They are done with poetry, they say, and in spite of myself I have to agree: as usual, the villanelles were deeply compelling but the epics lacked, well, a certain epicity.  We read in earnest, and I made them laugh and grimace with plot summaries and gory details from the sections we had to skip for reasons of time and sensitivity.  Someday, someday, I will be able to open their eyes to the desperate beauty of Homer the way a professor once did for me.  For now, I revel in the small steps forward: the student who wrote with surprising conviction and gravity about an epic match between football teams, and the fact that most of them can at least differentiate between Achilles and Agamemnon.

Today we begin something new: a new set of texts I will painstakingly select read and reread, agonize about how to introduce and discuss them.  I will have to talk them down from the ledges of convoluted plot and melodrama, convince them that characters with slowly-developed depth are the only ones we can mentally invest in.  I will scour my shelves for new and fresh excerpts, authors they will not have read, premises they will find absurd and inspiring.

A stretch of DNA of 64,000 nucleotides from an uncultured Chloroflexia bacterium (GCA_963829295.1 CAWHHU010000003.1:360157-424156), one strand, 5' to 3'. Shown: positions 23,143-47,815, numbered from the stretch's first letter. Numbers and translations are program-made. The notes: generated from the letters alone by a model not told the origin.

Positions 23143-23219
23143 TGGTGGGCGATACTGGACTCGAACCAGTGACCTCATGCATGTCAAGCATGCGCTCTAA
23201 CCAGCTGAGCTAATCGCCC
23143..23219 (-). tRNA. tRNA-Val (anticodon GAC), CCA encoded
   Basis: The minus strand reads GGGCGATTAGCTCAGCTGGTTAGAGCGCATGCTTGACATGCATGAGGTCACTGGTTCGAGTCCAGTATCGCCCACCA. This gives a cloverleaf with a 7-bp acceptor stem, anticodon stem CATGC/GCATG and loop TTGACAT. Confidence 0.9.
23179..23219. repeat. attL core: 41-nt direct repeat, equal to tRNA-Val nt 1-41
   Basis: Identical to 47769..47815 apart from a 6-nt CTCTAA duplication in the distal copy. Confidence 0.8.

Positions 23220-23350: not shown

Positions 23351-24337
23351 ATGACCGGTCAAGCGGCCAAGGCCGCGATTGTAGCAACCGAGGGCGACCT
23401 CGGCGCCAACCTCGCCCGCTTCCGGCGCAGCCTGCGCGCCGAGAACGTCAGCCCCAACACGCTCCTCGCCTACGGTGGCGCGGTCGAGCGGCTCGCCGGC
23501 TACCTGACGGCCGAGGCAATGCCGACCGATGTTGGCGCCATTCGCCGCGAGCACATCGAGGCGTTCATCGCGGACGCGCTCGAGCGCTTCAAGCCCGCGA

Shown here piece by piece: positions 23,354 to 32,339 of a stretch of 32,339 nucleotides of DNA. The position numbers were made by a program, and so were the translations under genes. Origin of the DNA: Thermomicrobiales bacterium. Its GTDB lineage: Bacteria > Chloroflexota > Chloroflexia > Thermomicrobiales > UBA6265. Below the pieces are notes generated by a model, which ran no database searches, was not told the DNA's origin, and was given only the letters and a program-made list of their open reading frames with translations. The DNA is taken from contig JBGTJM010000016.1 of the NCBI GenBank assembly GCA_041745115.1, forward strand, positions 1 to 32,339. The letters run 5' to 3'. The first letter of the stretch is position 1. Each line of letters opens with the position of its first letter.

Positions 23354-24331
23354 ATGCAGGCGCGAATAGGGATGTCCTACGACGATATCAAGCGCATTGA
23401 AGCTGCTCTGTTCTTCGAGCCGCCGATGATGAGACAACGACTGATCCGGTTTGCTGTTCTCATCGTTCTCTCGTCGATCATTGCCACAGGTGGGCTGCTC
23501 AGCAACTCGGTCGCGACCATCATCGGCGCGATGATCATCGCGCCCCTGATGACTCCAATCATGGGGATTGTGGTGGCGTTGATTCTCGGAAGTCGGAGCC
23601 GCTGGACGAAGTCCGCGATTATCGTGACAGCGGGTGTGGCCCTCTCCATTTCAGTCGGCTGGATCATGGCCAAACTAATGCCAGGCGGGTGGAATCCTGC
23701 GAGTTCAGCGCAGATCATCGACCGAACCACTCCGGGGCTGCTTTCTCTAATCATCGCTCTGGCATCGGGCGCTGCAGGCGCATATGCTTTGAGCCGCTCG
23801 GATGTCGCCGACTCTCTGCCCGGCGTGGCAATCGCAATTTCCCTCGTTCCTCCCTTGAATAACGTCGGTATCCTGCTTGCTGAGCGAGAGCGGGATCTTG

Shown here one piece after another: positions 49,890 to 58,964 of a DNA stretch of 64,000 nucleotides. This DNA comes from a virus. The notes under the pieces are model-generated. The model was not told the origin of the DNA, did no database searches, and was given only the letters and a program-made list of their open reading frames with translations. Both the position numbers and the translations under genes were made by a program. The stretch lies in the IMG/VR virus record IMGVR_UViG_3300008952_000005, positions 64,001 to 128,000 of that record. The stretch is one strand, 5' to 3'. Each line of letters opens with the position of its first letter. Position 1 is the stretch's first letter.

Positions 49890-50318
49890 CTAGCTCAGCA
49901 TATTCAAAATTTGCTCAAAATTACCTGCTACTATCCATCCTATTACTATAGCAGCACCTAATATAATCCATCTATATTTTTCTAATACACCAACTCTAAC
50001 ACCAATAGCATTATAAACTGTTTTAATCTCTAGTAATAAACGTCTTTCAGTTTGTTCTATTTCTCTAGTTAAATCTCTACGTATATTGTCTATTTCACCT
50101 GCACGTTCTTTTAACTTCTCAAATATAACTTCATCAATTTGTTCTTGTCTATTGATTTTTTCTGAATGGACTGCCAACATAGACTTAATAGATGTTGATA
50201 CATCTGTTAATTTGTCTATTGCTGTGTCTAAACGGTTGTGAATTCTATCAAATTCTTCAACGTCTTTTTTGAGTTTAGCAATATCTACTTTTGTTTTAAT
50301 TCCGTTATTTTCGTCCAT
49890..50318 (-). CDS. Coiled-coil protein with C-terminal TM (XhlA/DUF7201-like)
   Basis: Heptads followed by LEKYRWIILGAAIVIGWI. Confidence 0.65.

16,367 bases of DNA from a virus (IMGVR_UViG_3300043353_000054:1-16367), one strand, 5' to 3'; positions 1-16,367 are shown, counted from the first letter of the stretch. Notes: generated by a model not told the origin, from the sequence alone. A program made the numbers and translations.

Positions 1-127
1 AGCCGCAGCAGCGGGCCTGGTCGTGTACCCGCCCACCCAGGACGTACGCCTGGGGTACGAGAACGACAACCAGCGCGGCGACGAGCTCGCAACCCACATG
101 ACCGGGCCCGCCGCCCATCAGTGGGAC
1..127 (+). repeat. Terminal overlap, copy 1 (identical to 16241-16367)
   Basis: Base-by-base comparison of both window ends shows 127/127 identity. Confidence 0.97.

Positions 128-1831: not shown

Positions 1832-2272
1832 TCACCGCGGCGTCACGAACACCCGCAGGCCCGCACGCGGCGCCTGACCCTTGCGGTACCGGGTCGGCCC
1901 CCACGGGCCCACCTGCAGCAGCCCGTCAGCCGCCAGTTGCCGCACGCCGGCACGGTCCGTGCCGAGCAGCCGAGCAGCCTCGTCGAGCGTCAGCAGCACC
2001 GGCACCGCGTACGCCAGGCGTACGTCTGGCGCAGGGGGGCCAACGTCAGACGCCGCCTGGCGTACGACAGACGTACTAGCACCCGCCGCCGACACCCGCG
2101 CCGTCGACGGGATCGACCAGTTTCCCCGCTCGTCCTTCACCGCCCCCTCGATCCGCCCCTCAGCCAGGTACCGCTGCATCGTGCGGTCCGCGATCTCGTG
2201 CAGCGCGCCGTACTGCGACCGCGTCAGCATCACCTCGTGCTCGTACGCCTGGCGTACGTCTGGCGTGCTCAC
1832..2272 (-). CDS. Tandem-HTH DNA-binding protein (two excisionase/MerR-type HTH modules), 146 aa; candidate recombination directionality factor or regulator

But not just yet.  First we will all take a much-deserved break.

We pray, of course: for friends and family who are suffering, fading, departed, and for college decisions, and for the requests they can't bring to leave their lips, which die unspoken in their mouths.

Then they write while I set up the projector amid furious speculation (Is it a movie?  Will we watch it for the whole class?  I hope it's funny.  I hope it snows tonight!)  And I end it by saying that yes, we're going to spend the next two classes watching and discussing one of my favorite movies about writing, creating and justice.  It's sweet, sad and funny.  Oh, and by the way, I made popcorn.

It is this last statement that causes them to erupt into cheers as I open the bag and pass out cups.  But I like to pretend it's partly for the other stuff, too.